Burau said virtual engineering became critical when she had to chop more than three months out of the development timeline, most of it from product validation where engineers make sure all parts fit together, safety systems perform as expected, and durability is assessed.
That virtual-engineering system is now in use by GM’s worldwide product development team under a structure Lutz realigned in January to take advantage of GM’s global resources. In addition to product development design and engineering functions, manufacturing and purchasing are aligned globally.
First to market, though, are these 2007 pickups, based in large part on the already successful and highly lauded 2007 full-size SUVs (Suburban, Tahoe, Yukon) introduced in the past year. Making a pickup from the ute required added frame stiffness, and increased payload and towing capacities. As a result, the truck gets a unique frame from the A-pillar rearward, rear leaf springs (vs. five-link coil springs on the utes), and splayed rear shock absorbers that GM says help smooth the unladen ride while readily handling heavy loads. Otherwise, the truck gets most of the improvements built into the utes: rack-and-pinion steering (replacing a recirculating-ball setup), coil-over front shocks (vs. the old model’s torsion bar), stiffer engine mounts, wider front and rear tracks, Eaton locking rear differential, stronger brakes, and StabiliTrak stability control (standard on crew cab, optional on extended cab).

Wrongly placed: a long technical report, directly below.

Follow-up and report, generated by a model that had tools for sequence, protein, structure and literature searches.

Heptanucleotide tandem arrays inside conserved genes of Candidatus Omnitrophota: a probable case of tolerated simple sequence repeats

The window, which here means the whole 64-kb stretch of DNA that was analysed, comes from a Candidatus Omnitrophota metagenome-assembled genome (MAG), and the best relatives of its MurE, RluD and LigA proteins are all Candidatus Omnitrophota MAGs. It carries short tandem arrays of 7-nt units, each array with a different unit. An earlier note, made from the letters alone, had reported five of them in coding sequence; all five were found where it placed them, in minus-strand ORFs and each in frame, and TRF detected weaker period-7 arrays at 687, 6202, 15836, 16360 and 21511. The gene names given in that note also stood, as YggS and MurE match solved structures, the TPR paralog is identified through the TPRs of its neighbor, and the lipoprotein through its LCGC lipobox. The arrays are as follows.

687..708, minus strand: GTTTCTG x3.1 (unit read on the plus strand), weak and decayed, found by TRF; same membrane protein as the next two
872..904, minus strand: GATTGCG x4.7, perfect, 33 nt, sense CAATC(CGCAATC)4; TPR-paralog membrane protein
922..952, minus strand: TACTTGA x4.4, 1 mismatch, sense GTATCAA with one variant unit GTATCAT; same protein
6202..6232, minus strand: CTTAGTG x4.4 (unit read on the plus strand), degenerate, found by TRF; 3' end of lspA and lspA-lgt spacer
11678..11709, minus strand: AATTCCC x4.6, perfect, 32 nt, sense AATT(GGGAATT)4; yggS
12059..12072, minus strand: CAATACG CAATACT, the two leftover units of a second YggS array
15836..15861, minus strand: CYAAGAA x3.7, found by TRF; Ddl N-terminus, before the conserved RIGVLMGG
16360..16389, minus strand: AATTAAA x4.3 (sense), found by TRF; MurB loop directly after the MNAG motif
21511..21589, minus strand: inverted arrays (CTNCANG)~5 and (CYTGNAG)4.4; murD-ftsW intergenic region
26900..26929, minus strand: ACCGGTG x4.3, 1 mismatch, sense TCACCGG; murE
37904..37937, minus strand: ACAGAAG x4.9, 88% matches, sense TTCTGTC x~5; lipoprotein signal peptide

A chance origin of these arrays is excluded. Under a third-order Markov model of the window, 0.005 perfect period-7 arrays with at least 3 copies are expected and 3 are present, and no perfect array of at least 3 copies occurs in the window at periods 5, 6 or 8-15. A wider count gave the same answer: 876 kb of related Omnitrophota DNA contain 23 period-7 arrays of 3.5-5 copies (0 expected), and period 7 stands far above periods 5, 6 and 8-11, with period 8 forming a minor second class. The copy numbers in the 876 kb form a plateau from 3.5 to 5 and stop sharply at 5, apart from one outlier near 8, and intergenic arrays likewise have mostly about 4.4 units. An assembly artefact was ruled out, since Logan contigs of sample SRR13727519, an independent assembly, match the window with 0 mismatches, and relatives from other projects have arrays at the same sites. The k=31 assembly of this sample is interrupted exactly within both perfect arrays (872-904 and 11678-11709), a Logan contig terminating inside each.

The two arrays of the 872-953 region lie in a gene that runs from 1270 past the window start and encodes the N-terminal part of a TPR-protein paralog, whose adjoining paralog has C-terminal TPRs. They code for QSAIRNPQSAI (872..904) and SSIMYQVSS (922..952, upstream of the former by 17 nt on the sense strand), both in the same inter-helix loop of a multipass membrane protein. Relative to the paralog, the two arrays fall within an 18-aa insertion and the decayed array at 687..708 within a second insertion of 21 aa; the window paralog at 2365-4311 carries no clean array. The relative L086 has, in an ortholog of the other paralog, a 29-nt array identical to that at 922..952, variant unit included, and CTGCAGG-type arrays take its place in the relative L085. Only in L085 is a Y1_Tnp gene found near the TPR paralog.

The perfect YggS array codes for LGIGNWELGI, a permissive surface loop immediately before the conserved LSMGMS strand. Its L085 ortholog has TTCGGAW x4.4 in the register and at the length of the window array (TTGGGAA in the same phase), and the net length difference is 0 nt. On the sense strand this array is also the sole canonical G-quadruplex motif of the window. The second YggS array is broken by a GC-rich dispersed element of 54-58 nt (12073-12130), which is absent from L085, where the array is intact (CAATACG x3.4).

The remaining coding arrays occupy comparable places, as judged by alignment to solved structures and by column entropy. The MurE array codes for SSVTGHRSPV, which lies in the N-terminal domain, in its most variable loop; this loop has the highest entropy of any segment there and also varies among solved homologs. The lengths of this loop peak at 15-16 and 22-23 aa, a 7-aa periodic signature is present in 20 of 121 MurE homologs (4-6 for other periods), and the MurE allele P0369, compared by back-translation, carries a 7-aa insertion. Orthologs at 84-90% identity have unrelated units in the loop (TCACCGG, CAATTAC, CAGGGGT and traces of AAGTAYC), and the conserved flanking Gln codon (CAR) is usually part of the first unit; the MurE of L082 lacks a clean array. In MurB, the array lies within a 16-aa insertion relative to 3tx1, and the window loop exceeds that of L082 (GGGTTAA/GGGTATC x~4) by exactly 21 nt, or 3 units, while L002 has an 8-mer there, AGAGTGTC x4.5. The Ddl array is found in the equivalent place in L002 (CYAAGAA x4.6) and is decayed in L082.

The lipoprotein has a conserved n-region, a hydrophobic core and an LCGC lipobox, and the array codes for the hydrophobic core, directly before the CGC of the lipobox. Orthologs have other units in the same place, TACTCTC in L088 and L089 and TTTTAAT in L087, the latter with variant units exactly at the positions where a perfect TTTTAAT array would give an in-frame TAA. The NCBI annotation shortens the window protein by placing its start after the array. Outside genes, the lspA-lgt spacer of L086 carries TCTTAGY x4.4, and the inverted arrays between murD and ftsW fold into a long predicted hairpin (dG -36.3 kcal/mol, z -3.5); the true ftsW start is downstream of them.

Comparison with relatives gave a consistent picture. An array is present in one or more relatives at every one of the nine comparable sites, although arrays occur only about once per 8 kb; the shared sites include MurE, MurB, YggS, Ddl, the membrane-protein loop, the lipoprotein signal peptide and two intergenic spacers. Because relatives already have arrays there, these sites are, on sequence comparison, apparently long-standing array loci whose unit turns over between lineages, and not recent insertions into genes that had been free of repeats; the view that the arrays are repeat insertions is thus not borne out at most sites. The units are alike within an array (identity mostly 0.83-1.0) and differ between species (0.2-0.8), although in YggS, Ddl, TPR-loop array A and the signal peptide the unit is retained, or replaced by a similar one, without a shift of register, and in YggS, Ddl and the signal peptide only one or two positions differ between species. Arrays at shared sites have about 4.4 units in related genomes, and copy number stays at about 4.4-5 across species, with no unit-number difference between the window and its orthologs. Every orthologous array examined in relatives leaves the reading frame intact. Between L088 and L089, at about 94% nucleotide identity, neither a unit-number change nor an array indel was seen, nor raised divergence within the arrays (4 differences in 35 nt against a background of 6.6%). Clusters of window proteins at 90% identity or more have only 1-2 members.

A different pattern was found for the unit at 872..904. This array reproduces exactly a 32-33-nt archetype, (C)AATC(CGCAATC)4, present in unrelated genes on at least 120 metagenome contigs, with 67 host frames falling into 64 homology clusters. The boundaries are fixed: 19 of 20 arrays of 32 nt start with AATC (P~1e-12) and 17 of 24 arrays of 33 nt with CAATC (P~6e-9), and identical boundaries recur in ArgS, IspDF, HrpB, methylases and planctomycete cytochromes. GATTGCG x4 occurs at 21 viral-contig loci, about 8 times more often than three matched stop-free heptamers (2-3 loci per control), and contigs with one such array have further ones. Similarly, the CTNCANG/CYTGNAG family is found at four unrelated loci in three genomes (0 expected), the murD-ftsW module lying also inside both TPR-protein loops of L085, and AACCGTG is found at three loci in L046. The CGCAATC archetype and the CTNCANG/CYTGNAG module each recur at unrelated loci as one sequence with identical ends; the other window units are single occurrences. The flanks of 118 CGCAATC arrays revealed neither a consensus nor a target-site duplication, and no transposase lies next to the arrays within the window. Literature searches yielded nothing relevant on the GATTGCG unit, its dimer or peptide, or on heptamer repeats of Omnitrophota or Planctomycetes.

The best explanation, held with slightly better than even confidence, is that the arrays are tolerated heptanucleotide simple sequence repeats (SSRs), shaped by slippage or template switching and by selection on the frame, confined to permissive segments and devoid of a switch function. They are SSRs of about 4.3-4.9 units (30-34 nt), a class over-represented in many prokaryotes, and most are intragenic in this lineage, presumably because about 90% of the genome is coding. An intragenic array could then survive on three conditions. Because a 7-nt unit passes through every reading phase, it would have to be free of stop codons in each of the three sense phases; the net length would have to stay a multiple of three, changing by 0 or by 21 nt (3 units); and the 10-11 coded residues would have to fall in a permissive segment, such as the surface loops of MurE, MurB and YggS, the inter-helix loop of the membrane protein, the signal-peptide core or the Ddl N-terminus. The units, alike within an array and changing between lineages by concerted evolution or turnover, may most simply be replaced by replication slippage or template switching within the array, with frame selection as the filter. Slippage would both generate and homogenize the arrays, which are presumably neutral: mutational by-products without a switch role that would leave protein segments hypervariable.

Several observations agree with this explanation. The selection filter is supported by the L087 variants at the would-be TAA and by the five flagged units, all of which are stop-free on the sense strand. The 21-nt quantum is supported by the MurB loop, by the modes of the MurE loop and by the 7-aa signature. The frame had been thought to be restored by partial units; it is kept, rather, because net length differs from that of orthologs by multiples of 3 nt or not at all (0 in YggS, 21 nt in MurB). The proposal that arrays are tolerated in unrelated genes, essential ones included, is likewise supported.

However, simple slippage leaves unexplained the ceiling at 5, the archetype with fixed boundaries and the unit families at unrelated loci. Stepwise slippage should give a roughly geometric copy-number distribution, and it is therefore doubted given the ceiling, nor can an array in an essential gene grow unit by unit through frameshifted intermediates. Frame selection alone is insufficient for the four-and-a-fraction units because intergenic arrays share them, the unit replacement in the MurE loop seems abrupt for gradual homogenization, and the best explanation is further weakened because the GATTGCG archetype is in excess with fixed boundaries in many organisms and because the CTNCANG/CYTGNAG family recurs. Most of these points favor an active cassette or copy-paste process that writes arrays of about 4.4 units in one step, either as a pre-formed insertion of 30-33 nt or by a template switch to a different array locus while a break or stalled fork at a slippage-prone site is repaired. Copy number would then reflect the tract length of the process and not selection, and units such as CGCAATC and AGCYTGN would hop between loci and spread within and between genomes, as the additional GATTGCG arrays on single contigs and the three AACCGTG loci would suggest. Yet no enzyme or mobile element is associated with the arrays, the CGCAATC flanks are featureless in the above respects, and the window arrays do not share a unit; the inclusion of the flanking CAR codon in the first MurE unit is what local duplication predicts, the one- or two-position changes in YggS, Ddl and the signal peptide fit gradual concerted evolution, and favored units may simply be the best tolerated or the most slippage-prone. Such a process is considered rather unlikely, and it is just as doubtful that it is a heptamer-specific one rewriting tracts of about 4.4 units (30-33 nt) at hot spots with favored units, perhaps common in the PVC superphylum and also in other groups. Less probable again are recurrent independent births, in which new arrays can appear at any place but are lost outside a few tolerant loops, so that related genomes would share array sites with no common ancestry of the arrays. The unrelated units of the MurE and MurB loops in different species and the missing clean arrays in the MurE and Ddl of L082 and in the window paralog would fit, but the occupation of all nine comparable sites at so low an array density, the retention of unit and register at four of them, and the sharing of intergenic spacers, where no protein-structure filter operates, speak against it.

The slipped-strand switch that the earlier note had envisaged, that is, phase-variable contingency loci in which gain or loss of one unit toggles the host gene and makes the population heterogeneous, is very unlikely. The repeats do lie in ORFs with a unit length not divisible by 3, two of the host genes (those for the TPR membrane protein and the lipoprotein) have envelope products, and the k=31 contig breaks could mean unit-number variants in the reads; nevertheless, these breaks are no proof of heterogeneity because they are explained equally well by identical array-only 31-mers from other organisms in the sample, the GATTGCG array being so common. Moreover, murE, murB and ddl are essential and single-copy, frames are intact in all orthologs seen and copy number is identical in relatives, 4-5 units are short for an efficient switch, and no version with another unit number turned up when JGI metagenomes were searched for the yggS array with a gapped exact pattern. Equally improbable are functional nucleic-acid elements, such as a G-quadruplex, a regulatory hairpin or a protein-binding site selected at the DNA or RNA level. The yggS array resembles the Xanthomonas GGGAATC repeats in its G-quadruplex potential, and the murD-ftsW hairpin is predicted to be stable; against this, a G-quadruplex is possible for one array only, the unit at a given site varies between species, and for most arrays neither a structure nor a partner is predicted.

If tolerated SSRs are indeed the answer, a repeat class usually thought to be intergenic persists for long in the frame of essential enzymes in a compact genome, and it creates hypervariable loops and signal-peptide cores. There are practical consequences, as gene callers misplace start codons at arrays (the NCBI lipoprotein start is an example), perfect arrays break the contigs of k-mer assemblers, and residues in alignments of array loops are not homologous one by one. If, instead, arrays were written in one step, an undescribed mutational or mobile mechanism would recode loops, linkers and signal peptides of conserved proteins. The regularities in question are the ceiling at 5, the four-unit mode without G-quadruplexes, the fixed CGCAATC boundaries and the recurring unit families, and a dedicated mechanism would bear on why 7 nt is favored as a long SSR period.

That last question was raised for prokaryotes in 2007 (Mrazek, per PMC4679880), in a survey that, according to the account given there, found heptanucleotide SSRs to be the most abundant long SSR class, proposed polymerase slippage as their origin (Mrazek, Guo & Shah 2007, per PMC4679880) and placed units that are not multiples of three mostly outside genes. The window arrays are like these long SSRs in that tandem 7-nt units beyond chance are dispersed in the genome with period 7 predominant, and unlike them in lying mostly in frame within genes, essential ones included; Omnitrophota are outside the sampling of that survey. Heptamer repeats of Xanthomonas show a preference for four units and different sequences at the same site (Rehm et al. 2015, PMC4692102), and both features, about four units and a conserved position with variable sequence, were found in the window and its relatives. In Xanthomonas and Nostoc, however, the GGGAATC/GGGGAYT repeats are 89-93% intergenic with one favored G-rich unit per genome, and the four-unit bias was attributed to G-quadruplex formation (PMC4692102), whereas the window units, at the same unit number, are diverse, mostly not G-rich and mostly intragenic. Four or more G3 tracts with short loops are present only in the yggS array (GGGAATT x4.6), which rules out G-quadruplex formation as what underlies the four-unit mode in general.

The trucks come in three cab configurations, three bed lengths, multiple trim levels, five suspension setups and with a raft of engine options. At launch, only the four-speed automatic transmission is available (no manual transmission is offered); Sierra Denali will get a new six-speed automatic when it arrives next spring. Other models won’t get the six-speed until 2008 (2009 model year), but program leader Gary White makes no excuses: “It would be a problem if we didn’t have segment-leading fuel economy.”
GM says the 5.3-liter trucks make a combined average of 21.6 mpg (rwd) and 20.5 (4wd); EPA labels show 22 highway/16 city for the rwd, 20 highway/16 city for 4wd. Once the six-speeds come to the entire line, White estimates they’ll be good for a 3 to 5 percent gain in fuel economy across the board.